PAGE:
Does the Web make us Stupid?#

H. Maurer,


The first paper in the References argues that almost nobody finishes reading papers online. Together with Nielsen’s statements that reading carries over from screens to printed material (i.e. many of us are not reading properly but are often just “scanning” information) I am worried you will not read this paper to the end, either. Hence I better start telling you my conclusions right away: Internet and other information and communication technologies are indeed reducing many of our cherished cognitive facilities (i.e. do make us more stupid), much as our physical fitness has been reduced by all kinds of machinery for physical work and locomotion. However, here comes what appears crucial to me: this is not bad at all, as long as our reduced facilities are overcompensated by technology, provided we are not completely dependent on that technology (i.e. enough redundancy is left in case of serious break-downs).

If you stop reading here, you got the important part of the message in a rational way. If you continue reading, I hope I can drive home my message also emotionally.

Over the last 6 years or so numerous papers and books have appeared that claim that the Internet (and related technologies) are reducing our cognitive abilities. Here are a few famous examples and some quotes. In her book Brabazon writes: “Looking at schools and universities, it is difficult to pinpoint when education, teaching and learning started to hemorrhage purpose, aspiration and function. As the internet offers a glut of information, bored surfers fill their cursors and minds with irrelevancies, losing the capacity to sift, discard and judge”. Keen in his book, “The cult of the amateur” pokes fun at the “Wisdom of crowds” by Surowiecky by saying: “How blogs, MySpace, YouTube, and the rest of today's user-generated media are destroying our economy, our culture, and our values…” and “Instead of creating masterpieces million of ‘monkeys’ are creating an endless digital forest of mediocrity. They publish everything from uninformed political commentary, to unseemly home videos, to embarrassingly amateurish music, to unreadable poems, reviews, essays and novels”. Take Bauerlein’s book “The Dumbest Generation” with the subtitle “How the Digital Age Stupefies Young Americans and Jeopardizes Our Future (Or, Don't Trust Anyone Under 30)”: the title is already a clear message. Or consider Weber’s book on “Copy and Paste Syndrome” with statements such as: “The real danger is not that plagiarism is used fraudulently for personal gain, but that the copy/paste mentality destroys thinking“. The title of Spitzer’s book “Digital Dementia: How we ruin the brains of us and our children” says it all, even if you don’t read to the point where he claims “Computer for teaching subjects like history are as important as are bicycles for teaching how to swim.”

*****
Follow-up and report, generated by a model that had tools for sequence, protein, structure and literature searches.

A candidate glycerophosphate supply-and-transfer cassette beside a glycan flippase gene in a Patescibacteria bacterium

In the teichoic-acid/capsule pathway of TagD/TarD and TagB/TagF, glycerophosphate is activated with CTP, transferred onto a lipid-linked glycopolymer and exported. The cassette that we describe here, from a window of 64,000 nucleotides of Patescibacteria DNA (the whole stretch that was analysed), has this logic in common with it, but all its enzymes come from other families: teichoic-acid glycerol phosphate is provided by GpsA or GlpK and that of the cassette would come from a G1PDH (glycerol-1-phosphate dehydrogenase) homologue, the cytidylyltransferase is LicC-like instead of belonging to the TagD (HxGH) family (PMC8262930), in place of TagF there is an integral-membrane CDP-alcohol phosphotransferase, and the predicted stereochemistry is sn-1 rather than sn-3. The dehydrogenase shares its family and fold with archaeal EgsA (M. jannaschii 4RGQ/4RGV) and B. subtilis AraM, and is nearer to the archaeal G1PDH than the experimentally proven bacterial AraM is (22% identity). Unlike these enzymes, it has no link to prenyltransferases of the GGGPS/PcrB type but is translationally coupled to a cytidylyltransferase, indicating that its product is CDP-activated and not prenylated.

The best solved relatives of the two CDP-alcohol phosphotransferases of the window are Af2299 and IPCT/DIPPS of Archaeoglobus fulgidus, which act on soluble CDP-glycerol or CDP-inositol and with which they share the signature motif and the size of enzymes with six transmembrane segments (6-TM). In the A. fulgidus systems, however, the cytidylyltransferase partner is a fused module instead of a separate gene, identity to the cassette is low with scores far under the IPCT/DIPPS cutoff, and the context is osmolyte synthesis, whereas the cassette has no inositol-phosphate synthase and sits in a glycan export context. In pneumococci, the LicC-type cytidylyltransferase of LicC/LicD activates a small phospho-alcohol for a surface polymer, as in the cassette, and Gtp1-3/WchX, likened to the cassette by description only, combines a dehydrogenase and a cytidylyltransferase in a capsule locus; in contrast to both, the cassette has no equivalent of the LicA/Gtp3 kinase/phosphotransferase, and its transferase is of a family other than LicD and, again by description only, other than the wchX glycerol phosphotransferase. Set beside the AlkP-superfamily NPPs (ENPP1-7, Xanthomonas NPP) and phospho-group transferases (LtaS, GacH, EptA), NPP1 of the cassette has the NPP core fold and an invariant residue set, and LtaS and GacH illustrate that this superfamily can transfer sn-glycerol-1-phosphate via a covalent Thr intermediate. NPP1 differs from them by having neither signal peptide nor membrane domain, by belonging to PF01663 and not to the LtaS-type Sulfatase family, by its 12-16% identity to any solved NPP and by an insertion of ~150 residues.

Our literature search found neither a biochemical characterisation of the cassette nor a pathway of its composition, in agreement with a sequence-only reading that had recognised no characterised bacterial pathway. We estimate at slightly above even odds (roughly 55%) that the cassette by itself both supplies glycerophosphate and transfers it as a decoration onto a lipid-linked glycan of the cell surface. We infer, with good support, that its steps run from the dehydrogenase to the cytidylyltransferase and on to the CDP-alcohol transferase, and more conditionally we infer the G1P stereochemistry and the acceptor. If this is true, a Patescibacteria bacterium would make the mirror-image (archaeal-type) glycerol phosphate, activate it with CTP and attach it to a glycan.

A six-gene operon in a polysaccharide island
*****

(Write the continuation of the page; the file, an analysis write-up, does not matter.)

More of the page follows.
Why so negative?#

Above authors share a number of concerns: We are so inundated by information that our attention span has become very small. We are heading (my terminology) towards a global attention deficit syndrome: we cannot be inactive any more, yet we are loosing the power to concentrate. If we are not drowned by e-mails, by SMS or tweets telling us to look at some site or YouTube clip, work on a social network, listen to mp3 music with a plug in our ear, zap through 100 TV shows, answer the phone or ring someone, we somehow MUST occupy ourselves and be it with still another Sudoku. Many waste so much time keeping their “friends” in the network happy that they have little time left for productive work. They have externalized much of their knowledge into the cloud and their smart-phones, hence do not need to remember many facts, threatening the functioning of their memory. Students do not write essays these days. Rather, using copy/paste, they glue pieces of information together, hardly understanding what they are producing; they are not able to read complicated texts any more, being spoilt by small pieces of information in tweets or in an SMS with a new language, thinking those things R-good-4U. The blind trust in e-Learning as replacing good teachers just leads to less educated children, apps are substituting thinking: cognitive capacity is shrinking.

I have said: those are some of the concerns often mentioned. Well, if they were just concerns we could brush them off. However, almost all of them are based on solid quantitative research and experiments. Hence we have to take them serious, i.e. the technologies involved do indeed make us (or most of the coming generations) more stupid, measured by the cognitive strength of brains.

Unpleasant surprise#